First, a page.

But only two states, Vermont and Maine, also allow people to vote while they are incarcerated. They have never disenfranchised residents over a criminal conviction, so people incarcerated there do not lose the right to vote. While incarcerated, they can vote at their last place of residence via mail-in ballots. (It should be noted that both states have the highest percentage of white residents in the country.) In 2020, the District of Columbia joined those two states and completely ended felony disenfranchisement with a landmark law that restored voting rights to people in prison.
Keeda Haynes, voting rights campaign strategist for the Sentencing Project, said Oregon seemed poised to join those three jurisdictions—and technically be the first state to abolish an existing disenfranchisement statute—when lawmakers first proposed it last year. But Republicans in the legislature derailed the conversation with concerns about staffing costs and fears of empowering convicted criminals. Haynes says she heard myriad reasons why lawmakers weren’t comfortable with prison voting, all of which felt more emotional than practical.
“It often comes down to, ‘We don’t want people convicted of murder and rape voting,’” Haynes said. “But there’s no explanation why. Other than that, the argument is mostly, ‘It just doesn’t feel good.’”
Efforts to enable incarcerated people to vote have grown in recent years, especially after people in numerous prisons launched a coordinated strike in 2018, demanding better treatment—and, in some places, the right to vote. Sympathetic lawmakers filed a number of bills to get there in recent years, including in Hawaii, Massachusetts, and Virginia, but none passed other than in the District of Columbia. In 2022, there are active bills to this effect in at least Oregon, Illinois, and New York. Haynes said, whichever state passes it first, it will undoubtedly empower other states to move forward with similar legislation.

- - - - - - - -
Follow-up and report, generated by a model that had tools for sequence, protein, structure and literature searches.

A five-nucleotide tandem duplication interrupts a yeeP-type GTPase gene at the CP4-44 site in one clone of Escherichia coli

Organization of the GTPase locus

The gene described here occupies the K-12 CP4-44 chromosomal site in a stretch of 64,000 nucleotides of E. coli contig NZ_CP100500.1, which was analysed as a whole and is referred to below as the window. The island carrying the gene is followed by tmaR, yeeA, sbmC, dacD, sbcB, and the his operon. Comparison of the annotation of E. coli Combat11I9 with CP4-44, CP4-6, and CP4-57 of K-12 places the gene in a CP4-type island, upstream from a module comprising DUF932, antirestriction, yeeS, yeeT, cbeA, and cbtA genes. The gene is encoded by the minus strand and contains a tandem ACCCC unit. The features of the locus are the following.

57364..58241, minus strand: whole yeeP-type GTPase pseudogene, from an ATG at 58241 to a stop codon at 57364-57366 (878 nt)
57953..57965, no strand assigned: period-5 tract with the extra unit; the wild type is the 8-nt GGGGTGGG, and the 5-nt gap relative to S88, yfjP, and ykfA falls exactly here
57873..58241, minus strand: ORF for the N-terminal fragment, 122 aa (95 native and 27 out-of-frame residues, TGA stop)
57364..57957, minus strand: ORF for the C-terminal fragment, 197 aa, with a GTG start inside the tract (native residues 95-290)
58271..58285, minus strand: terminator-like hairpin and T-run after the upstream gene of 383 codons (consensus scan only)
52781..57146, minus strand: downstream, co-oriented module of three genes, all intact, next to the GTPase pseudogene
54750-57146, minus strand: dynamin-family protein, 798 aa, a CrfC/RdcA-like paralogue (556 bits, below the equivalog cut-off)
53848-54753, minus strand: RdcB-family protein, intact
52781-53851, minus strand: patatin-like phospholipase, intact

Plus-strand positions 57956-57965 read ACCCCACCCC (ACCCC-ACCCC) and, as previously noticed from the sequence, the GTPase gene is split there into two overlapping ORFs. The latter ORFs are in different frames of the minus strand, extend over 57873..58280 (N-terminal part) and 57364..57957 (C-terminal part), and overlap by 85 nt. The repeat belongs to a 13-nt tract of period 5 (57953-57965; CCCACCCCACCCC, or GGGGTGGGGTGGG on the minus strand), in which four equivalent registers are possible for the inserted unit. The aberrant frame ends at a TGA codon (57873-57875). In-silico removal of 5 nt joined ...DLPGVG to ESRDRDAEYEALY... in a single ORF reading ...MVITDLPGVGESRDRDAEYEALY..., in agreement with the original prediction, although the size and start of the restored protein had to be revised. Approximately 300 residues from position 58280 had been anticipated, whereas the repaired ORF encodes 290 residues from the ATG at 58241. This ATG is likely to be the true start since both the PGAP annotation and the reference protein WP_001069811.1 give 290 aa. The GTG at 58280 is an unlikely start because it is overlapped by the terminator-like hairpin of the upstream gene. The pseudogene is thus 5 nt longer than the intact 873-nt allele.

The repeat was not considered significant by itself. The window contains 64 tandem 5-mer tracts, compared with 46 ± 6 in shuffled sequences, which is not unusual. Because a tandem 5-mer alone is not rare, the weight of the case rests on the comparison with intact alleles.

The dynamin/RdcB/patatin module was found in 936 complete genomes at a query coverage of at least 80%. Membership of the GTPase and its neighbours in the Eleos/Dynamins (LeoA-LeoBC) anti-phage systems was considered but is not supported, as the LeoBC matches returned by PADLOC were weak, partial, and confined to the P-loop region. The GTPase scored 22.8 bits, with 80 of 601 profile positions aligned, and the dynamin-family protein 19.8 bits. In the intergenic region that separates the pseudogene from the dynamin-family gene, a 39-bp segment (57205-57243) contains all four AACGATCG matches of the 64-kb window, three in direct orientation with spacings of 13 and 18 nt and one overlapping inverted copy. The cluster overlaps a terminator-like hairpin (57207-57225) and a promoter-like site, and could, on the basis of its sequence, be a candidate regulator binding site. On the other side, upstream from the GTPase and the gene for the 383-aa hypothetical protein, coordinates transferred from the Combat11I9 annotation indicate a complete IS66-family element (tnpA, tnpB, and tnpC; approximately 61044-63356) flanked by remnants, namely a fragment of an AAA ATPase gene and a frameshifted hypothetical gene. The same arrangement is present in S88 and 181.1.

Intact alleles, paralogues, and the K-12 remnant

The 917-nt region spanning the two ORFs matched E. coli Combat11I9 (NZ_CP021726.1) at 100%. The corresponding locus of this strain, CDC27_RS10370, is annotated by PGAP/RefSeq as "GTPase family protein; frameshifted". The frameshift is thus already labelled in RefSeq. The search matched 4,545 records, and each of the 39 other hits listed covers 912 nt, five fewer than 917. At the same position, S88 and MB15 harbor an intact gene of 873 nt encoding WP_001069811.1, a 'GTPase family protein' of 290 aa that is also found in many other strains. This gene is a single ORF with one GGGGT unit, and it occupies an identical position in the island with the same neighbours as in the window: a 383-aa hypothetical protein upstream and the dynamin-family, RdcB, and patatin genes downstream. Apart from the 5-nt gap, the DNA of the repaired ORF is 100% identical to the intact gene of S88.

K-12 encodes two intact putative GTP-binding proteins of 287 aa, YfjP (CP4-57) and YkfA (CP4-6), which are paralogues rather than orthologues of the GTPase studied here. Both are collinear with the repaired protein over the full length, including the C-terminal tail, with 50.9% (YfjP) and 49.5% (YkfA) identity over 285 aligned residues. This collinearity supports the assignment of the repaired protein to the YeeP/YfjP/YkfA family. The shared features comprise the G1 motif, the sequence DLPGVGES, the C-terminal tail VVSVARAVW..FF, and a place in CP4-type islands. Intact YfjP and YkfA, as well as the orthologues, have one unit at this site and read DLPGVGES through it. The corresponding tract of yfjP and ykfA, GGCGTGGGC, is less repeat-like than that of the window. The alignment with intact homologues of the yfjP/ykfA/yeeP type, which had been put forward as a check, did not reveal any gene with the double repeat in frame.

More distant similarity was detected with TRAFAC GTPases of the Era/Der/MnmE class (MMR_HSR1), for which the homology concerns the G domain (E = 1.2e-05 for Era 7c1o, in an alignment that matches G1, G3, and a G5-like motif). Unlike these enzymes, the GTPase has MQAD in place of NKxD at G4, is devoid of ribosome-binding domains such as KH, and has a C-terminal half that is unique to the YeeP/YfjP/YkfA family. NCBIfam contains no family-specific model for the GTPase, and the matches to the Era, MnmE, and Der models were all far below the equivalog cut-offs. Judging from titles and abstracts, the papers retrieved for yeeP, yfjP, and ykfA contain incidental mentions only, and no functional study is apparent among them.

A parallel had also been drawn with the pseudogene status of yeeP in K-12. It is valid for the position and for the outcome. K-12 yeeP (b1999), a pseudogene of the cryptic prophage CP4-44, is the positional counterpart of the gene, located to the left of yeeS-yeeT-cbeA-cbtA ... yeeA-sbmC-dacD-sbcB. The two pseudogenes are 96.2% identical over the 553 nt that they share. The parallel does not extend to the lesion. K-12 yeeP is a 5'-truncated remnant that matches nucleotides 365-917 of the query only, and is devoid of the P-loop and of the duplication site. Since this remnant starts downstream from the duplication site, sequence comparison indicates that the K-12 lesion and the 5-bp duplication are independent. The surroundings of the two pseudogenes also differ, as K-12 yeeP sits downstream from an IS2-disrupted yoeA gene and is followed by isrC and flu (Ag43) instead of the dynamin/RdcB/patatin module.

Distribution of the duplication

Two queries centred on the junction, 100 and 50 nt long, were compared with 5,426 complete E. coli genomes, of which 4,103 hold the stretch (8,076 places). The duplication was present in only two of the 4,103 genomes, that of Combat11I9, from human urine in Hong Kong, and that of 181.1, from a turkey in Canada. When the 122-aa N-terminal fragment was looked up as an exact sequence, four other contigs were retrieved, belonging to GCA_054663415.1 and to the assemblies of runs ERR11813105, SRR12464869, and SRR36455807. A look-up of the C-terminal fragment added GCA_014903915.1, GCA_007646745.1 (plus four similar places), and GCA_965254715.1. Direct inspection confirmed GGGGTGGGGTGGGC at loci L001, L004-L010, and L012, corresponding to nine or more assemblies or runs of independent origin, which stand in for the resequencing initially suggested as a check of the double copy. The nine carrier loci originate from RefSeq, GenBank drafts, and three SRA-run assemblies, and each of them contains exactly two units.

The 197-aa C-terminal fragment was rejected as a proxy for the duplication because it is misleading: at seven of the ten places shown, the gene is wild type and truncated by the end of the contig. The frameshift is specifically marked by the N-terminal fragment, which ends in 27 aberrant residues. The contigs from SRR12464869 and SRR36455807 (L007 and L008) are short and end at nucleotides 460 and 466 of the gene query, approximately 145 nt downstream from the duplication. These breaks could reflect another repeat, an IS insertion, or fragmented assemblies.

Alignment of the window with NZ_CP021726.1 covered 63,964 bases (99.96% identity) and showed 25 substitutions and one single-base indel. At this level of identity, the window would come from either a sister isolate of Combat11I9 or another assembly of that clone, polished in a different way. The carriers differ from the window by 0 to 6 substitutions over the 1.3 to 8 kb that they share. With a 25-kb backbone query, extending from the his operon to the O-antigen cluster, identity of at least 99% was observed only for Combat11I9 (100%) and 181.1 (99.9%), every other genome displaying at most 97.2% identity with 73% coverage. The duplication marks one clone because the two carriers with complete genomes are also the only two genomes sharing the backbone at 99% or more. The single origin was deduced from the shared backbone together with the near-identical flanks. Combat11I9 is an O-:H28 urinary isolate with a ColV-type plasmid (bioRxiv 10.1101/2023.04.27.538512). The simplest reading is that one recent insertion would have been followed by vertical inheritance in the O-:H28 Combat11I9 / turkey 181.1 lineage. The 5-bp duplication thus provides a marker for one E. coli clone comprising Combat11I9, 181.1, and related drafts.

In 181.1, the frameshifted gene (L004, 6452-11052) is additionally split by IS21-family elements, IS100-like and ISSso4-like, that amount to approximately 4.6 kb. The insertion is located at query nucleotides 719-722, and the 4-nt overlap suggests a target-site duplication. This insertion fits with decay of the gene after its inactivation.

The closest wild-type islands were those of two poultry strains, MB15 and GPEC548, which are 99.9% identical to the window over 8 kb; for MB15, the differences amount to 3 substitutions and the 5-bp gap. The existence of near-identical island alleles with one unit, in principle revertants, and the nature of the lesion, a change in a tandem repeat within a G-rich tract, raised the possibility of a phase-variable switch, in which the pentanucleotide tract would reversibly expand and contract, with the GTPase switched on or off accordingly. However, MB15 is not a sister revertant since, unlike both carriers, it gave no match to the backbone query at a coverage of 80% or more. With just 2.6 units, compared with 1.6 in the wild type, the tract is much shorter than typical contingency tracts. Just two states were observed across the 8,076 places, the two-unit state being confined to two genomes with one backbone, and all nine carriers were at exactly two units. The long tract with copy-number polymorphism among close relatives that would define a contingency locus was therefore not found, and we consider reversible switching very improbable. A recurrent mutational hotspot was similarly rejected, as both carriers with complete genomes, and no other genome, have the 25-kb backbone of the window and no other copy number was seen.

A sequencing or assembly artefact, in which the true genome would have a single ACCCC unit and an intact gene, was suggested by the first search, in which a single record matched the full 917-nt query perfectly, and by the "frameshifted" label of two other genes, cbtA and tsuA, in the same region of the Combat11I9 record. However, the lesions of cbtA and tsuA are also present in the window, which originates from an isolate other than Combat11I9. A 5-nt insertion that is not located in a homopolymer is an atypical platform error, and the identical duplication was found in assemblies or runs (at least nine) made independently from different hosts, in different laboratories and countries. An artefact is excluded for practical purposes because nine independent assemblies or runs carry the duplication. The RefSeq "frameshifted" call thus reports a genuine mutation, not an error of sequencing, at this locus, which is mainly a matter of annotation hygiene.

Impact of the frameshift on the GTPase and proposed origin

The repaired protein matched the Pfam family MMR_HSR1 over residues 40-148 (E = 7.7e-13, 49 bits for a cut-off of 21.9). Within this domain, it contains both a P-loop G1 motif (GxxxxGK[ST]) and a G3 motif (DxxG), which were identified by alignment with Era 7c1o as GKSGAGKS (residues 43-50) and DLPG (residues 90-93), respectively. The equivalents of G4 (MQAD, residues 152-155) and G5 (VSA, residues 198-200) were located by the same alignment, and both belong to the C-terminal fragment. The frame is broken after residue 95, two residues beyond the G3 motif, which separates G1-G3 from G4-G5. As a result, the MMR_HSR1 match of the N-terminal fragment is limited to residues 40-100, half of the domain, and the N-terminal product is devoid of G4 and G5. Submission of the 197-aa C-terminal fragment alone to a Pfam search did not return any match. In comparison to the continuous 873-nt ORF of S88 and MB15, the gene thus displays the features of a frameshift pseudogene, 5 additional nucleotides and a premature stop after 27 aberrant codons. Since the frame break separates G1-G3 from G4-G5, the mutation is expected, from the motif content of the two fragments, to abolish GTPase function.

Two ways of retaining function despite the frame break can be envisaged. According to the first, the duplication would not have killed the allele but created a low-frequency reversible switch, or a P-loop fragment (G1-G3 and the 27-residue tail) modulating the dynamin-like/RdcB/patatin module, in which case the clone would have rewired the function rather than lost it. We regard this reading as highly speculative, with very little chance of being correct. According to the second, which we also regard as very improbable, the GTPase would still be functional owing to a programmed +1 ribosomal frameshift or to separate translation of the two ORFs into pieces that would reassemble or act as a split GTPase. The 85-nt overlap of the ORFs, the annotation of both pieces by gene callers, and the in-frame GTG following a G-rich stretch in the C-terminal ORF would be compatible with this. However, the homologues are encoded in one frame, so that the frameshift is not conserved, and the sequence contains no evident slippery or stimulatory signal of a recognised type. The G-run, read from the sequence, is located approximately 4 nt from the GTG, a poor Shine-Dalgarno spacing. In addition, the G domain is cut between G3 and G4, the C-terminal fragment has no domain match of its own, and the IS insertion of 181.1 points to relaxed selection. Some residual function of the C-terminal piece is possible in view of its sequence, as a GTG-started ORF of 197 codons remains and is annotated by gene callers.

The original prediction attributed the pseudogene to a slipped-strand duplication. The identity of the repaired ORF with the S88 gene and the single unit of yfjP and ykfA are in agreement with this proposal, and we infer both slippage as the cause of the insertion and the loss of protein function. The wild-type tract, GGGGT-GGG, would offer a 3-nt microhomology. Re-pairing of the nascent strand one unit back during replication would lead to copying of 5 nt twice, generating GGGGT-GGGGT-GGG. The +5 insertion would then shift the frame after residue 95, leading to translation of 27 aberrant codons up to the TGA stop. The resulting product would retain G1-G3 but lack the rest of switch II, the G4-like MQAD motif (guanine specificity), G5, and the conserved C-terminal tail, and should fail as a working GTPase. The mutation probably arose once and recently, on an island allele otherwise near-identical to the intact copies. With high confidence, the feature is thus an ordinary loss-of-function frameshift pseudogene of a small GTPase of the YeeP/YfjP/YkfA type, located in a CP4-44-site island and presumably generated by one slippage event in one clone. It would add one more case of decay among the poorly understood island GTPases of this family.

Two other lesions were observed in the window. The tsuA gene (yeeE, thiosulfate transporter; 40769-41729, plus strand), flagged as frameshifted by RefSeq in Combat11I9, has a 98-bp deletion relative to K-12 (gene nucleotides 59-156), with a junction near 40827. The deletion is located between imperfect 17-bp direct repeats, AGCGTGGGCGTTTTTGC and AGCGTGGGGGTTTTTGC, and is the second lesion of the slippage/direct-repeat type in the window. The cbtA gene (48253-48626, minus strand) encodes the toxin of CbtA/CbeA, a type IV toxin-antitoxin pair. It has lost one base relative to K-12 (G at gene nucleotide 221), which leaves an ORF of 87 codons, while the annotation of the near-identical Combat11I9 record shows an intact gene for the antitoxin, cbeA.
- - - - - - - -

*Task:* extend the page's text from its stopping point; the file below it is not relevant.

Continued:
“It often comes down to, ‘We don’t want people convicted of murder and rape voting. But there’s no explanation why. Other than that, the argument is mostly, ‘It just doesn’t feel good.’” Keeda Haynes, voting rights strategist for the Sentencing Project
“There is a national push for this,” she said. “The US is at a point where we are looking at ways to strengthen our democracy. This is one way we can do that—and Oregon has the opportunity to lead the way.”
Oregon’s Secretary of State Shemia Fagan, who oversees the state’s election system, has expressly supported HB 4147, as has Multnomah County District Attorney Mike Schmidt, who represents prosecutors in the state’s most populous county. Portland Democrat Sen. Kayse Jama, a co-sponsor of HB 4147, says ending felony disenfranchisement is in line with Oregon’s history of trailblazing voting rights policies. Oregon became the first state to vote entirely by mail in a presidential election in 2000, a trend that has been picked up by at least seven other states (and emulated by many more during 2020’s pandemic-hampered election). In 2015, Oregon passed a first-in-the-nation automatic voter registration law, a system that has now been adopted in 21 other states.
“Oregon is known to be a leader in making democracy accessible,” Jama said. “This [legislation] is just another way of us taking the lead in the nation. I would hope my colleagues share those values.”
Not in 2022, it appears. No Oregon Republican has come forward in support of HB 4741 after their leadership condemned the bill. Kurowski, with the House Democratic Caucus, suggested the legislation would have better luck next year, when Oregon will hold its longer, 160-day session, saying, “Oregonians take voter enfranchisement very seriously and it’s an issue that merits further discussion.” OJRC’s Winston believes that Oregon’s upcoming primary elections for state legislators are partially to blame for the inaction this year.
“In an election year, certain things are harder to pass,” he said. “But this is a civil rights issue and everyone should see it as a priority.”
Winston, who also served time in prison, said allowing people to vote while incarcerated is key to their rehabilitation process.
“It’s so important to be connected to your community when you’re in prison,” he said. “Voting helps rehabilitate a person by allowing them to take responsibility in their communities. That’s what we should be supporting.”
After being released from prison in October 2021, Pickens was hired as a paralegal for OJRC. He shared Winston's thinking about the role voting plays in rehabilitation.
“When you’re involved in the community, when you’re able to make decisions on things that have personally affected your life, you feel like you belong to something,” Pickens said. “If you don't feel like you belong to something there’s a good chance you won't tend to it or care for it. Which is how a lot of people feel when they leave prison.”
Pickens has yet to vote in an election since leaving prison last year, but he filled out his voter registration card as soon as it landed in his mailbox.
“I really can’t wait,” he said. “Having the ability to be involved in your own democracy is redemptive work.”